Wetmore’s association with O’Keefe appears to have ended around 2010. But he continued to work with O’Keefe associate Joseph Basel, one of the four men arrested in the New Orleans incident.
Wetmore was counsel for the American Phoenix Foundation, a nonprofit led by Basel that aimed to secretly tape Texas legislators and lobbyists using guerrilla tactics similar to those employed by O’Keefe’s Project Veritas.
According to lobbyist Steven Bresnen, who sued American Phoenix Foundation over its refusal to turn over documents about the nonprofit’s finances, Wetmore appeared to be highly involved with the group. Wetmore represented American Phoenix Foundation in the suit.
“My opinion of Mr. Wetmore as a lawyer is not a high one,” Bresnen told the Statesman. “He has no business being on the bench.”
Bresnen said Wetmore mismanaged the suit from the get-go. He failed to file paperwork on time, filed imperfect motions and accidentally tipped off Bresnen’s lawyers to information that helped his cause.
Bresnen eventually won the lawsuit. Wetmore had withdrawn from the case by that time, telling the court he was no longer in communication with Basel and was no longer being paid, Bresnen said. Basel was eventually held in contempt of court for continuing to refuse to turn over documents about American Phoenix Foundation. The nonprofit has been placed in receivership.
“He botched the case,” Bresnen said. “And because of their history, I think Wetmore is more the kingpin on this deal, because he was a mentor to Basel.”
Wetmore’s GOP primary opponent, Judge Bill Henry, would not comment on any of Wetmore’s background.
“I am working hard to serve our citizens and to protect the constitution and protect our community,” Henry told the Statesman.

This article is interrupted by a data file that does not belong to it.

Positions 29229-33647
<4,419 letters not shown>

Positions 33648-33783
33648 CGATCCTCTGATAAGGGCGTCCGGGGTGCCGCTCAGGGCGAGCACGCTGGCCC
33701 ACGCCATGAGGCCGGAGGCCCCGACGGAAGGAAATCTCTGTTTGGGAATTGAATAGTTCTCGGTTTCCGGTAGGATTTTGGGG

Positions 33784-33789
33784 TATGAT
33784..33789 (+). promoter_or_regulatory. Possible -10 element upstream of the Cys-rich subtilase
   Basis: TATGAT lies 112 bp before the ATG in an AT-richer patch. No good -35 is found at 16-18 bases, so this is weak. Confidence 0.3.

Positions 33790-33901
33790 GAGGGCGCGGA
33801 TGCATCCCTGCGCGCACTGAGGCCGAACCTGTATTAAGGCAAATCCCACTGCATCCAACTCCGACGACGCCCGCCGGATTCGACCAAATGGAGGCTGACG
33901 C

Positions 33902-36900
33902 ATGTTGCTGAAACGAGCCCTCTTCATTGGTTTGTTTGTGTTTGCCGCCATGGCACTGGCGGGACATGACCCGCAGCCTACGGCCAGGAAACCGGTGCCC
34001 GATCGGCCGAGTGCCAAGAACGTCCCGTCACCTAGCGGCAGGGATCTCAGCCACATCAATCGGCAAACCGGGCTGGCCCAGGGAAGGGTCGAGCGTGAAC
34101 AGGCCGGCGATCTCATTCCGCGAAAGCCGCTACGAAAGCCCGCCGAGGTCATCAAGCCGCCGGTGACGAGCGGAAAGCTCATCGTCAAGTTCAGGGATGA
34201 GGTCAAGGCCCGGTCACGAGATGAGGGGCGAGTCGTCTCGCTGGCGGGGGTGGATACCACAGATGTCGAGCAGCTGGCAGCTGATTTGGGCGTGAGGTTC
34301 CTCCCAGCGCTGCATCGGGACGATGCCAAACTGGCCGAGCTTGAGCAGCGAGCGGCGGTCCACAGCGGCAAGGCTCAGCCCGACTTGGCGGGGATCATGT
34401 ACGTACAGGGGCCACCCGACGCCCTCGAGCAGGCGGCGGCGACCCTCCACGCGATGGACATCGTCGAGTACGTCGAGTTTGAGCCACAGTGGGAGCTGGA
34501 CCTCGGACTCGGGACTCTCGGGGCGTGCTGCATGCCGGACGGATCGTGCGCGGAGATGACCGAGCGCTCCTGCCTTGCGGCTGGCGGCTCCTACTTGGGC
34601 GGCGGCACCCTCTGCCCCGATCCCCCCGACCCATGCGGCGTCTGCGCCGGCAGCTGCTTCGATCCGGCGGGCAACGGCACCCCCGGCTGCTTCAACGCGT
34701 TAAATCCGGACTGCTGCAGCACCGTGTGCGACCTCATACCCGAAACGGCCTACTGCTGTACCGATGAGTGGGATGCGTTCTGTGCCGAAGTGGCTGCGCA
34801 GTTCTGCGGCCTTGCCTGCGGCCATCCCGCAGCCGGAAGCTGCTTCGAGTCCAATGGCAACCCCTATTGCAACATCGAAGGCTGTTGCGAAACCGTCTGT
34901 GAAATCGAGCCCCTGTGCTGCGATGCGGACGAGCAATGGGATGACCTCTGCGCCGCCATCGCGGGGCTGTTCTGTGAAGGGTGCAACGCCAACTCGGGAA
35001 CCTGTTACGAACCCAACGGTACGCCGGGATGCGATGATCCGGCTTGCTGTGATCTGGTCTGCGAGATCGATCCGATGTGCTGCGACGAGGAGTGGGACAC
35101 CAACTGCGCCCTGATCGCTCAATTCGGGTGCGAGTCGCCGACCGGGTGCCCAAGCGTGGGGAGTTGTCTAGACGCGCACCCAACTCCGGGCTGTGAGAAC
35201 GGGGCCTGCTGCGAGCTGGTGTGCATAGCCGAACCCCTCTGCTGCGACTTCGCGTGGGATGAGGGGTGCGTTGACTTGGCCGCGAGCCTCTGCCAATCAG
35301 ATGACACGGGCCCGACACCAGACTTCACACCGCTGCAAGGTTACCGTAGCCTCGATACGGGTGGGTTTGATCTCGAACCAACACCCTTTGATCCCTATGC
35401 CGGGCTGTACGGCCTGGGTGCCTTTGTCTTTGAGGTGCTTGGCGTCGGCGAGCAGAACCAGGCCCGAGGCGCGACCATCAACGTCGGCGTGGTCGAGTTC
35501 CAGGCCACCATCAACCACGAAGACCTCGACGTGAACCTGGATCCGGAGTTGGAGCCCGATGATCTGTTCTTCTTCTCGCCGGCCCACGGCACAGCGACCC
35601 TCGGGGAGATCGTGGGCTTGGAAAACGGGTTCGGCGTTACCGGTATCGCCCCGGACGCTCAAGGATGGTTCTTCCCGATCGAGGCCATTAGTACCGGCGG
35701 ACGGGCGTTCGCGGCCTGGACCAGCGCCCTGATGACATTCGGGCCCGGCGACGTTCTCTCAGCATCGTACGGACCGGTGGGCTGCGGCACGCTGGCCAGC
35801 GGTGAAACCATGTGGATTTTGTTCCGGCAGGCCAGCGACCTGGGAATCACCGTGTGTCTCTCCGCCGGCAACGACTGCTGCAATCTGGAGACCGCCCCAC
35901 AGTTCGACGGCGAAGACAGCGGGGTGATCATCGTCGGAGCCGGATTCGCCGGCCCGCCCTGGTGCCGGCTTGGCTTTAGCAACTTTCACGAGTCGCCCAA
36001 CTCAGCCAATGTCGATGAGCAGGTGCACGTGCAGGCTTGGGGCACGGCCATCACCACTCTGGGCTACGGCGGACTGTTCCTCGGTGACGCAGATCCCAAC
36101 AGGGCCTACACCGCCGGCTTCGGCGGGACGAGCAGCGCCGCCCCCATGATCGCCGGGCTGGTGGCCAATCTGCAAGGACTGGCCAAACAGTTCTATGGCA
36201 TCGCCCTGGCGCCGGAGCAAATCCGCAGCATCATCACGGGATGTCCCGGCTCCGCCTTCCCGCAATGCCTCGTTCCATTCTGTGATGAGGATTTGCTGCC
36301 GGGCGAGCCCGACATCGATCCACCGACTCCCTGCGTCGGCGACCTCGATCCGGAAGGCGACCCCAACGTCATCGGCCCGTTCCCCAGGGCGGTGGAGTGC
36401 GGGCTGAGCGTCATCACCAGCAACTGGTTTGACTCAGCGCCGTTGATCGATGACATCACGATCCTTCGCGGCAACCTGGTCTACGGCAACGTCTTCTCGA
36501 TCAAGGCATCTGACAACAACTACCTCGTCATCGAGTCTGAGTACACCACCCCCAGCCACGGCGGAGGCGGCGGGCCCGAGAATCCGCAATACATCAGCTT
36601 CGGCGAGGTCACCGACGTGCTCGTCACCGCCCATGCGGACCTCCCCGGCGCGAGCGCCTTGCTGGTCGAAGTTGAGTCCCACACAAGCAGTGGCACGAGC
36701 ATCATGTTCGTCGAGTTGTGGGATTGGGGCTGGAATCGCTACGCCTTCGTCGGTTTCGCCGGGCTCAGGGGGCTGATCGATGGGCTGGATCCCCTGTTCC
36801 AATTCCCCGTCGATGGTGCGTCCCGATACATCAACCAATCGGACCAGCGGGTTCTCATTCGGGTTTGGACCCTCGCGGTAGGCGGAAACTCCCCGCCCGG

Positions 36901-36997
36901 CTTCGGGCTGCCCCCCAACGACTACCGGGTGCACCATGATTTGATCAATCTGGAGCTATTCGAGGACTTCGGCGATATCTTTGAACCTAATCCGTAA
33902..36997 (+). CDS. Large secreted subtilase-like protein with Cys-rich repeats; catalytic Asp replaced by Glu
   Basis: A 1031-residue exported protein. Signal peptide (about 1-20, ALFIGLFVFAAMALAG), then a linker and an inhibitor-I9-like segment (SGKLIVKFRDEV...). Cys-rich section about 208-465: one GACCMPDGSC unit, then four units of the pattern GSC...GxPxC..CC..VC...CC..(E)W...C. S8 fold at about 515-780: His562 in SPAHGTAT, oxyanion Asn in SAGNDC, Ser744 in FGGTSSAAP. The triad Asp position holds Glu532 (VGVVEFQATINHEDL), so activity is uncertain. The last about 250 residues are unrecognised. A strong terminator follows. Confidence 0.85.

The Texas Bar Association’s website shows Wetmore has been certified to practice law in Texas since 2013. The site lists his practice specialties in criminal, real estate and nonprofit law, which Wetmore confirmed. The address for his practice is a mailbox at a UPS store in Kyle.
A search of public court records in Hays County showed Wetmore has no pending cases. A search of District Court records showed Wetmore listed on only one case, a 2015 misdemeanor that was resolved with a guilty plea in 2017.
While Wetmore answered questions concerning his involvement with O’Keefe and his candidacy, he did not return phone calls or an email on Friday with follow-up questions related to the extent of his legal practice and involvement with the American Phoenix Foundation.
A campaign finance report for Wetmore filed Jan. 15 showed he had received no donations and was funding his campaign with $1,500 of his own money.
When asked last week about whether his background would be an issue in the election, Wetmore said it could be.
“Maybe it is,” he said. “I’m sure you have to weigh everything in someone’s experience. I haven’t heard anyone bring it up. If people want to talk about it, then I’m happy to talk about it.”
Correction: This article has been updated to correctly describe James O’Keefe’s conviction for entering Sen. Mary Landrieu’s office in New Orleans.